Jump to ContentJump to Main Navigation
Grand Theories and Everyday BeliefsScience, Philosophy, and their Histories$
Users without a subscription are not able to see the full content.

Wallace Matson

Print publication date: 2011

Print ISBN-13: 9780199812691

Published to Oxford Scholarship Online: January 2012

DOI: 10.1093/acprof:oso/9780199812691.001.0001

Show Summary Details
Page of

PRINTED FROM OXFORD SCHOLARSHIP ONLINE (oxford.universitypressscholarship.com). (c) Copyright Oxford University Press, 2021. All Rights Reserved. An individual user may print out a PDF of a single chapter of a monograph in OSO for personal use. date: 23 October 2021

Athens I

Athens I

(p.95) Chapter 11 Athens I
Grand Theories and Everyday Beliefs

Wallace Matson

Oxford University Press

The intensely human culture of newly literate Ionia spread into every field of intellectual endeavor. Though it was obviously anti-religious, serious opposition to it took nearly a century to develop. Ionian thought came to Athens later than to Italy. It was introduced by Anaxagoras of Clazomenae and by members of a new “profession,” the Sophists –itinerant lecturers and tutors. The most famous of these was Protagoras, the first Relativist and explicit agnostic. Socrates, a native Athenian, started out as a friend of the scientific side of Pythagoreanism. As such he was caricatured by the comic poet Aristophanes; and as such he was condemned and put to death for “impiety.” But by that time he had undergone a conversion from science to the moral and religious interests also associated with the Brotherhood.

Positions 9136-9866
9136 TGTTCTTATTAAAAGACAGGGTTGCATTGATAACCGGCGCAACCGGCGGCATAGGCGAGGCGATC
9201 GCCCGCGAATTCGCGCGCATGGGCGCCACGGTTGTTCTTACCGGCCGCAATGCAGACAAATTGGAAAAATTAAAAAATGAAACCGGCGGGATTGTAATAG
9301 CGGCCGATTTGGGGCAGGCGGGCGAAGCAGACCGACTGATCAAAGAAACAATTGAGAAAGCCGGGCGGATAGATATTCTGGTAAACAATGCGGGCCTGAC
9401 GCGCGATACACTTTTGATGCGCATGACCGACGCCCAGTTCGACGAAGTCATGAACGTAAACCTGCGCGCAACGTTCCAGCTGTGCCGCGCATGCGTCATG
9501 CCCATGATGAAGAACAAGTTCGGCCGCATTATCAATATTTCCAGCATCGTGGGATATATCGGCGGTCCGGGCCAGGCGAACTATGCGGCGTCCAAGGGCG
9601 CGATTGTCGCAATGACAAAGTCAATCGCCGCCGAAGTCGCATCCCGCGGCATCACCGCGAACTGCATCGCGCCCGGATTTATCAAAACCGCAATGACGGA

Keywords:   Anaxagoras, sophist, Protagoras, relativism, agnostic, Socrates, Pythagoreanism, Aristophanes, impiety

Oxford Scholarship Online requires a subscription or purchase to access the full text of books within the service. Public users can however freely search the site and view the abstracts and keywords for each book and chapter.

Please, subscribe or login to access full text content.

If you think you should have access to this title, please contact your librarian.

To troubleshoot, please check our FAQs , and if you can't find the answer there, please contact us .